IT WAS NO RUN-OF-THE-MILL WOMEN’S SHOE PROMOTION. Last June, under the direction of City Year, a national youth service organization, more than 50 employees of Timberland, the New Hampshire-based footwear and apparel company, painted bathrooms, installed smoke detectors and garbage receptacles, and stained fences and outdoor furniture at Inwood House. Inwood House, a nonprofit in New York City, provides education and counseling to prevent teen pregnancy. This initiative was part of a larger effort to make Timberland’s footwear line resonate with female consumers. “It’s important to address not only a woman’s footwear needs, but also the issues that are relevant to her as a woman,” said Timberland’s global director of women’s casual footwear.1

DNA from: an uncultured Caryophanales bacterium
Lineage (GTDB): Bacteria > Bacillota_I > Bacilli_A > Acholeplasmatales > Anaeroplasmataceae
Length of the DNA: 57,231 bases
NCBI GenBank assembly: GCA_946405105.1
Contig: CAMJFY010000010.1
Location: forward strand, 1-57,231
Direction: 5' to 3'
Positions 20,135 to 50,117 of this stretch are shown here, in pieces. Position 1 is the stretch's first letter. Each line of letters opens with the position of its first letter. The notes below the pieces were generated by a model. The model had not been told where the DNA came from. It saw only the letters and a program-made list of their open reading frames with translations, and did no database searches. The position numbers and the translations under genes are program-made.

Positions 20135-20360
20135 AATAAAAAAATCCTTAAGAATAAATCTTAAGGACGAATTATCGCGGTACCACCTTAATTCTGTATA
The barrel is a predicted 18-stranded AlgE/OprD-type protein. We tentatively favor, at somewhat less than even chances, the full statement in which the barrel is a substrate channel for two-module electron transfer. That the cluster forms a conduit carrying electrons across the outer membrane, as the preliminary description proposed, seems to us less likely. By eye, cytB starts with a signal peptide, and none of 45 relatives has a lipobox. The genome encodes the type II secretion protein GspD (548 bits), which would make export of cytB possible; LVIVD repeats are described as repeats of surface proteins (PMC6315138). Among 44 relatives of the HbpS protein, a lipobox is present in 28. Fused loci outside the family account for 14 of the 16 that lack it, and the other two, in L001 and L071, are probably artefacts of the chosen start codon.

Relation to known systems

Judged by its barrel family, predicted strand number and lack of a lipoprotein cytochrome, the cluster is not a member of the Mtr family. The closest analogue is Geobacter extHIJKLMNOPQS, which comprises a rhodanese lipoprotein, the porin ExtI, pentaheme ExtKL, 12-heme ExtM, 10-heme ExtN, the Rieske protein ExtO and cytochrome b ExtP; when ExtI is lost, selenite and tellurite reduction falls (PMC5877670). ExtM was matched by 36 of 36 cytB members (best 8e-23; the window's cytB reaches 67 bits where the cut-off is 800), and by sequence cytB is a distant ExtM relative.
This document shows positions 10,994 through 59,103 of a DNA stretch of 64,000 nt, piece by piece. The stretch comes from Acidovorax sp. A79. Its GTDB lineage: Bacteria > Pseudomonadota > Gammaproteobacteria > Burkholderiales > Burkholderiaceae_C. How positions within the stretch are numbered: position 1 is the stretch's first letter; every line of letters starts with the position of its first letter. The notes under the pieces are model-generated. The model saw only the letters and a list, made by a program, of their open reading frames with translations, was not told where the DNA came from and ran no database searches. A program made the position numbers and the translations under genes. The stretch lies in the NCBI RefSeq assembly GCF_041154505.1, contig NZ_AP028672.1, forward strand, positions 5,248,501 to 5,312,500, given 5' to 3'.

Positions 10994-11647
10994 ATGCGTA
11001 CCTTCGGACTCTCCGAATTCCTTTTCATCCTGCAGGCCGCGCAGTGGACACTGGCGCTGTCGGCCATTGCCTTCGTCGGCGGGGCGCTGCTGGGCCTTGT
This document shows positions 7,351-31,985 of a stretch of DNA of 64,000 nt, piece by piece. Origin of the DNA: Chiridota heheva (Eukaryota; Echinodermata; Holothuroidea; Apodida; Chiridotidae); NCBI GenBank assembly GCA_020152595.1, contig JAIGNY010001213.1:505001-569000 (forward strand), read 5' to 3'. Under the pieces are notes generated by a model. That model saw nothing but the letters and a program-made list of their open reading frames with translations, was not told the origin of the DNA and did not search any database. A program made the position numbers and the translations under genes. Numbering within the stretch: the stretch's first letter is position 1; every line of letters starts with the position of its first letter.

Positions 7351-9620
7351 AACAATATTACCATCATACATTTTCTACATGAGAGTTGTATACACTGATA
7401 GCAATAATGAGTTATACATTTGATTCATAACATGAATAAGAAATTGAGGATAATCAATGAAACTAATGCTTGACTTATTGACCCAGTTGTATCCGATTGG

Companies have historically tended to keep their philanthropic giving somewhat separate from their business operations. But Timberland and a growing number of like-minded businesses have begun integrating these activities into their strategies and operations. Consider just a few examples. Bell Atlantic deployed its technological expertise in a partnership with a Union City, N.J., school to transform the educational process. Ralston Purina joined the American Humane Association to promote the adoption of abandoned animals. Citibank worked with ACCION International to promote microcredit lending in Latin America. Strategic collaborations are proliferating.

Forces Promoting Collaboration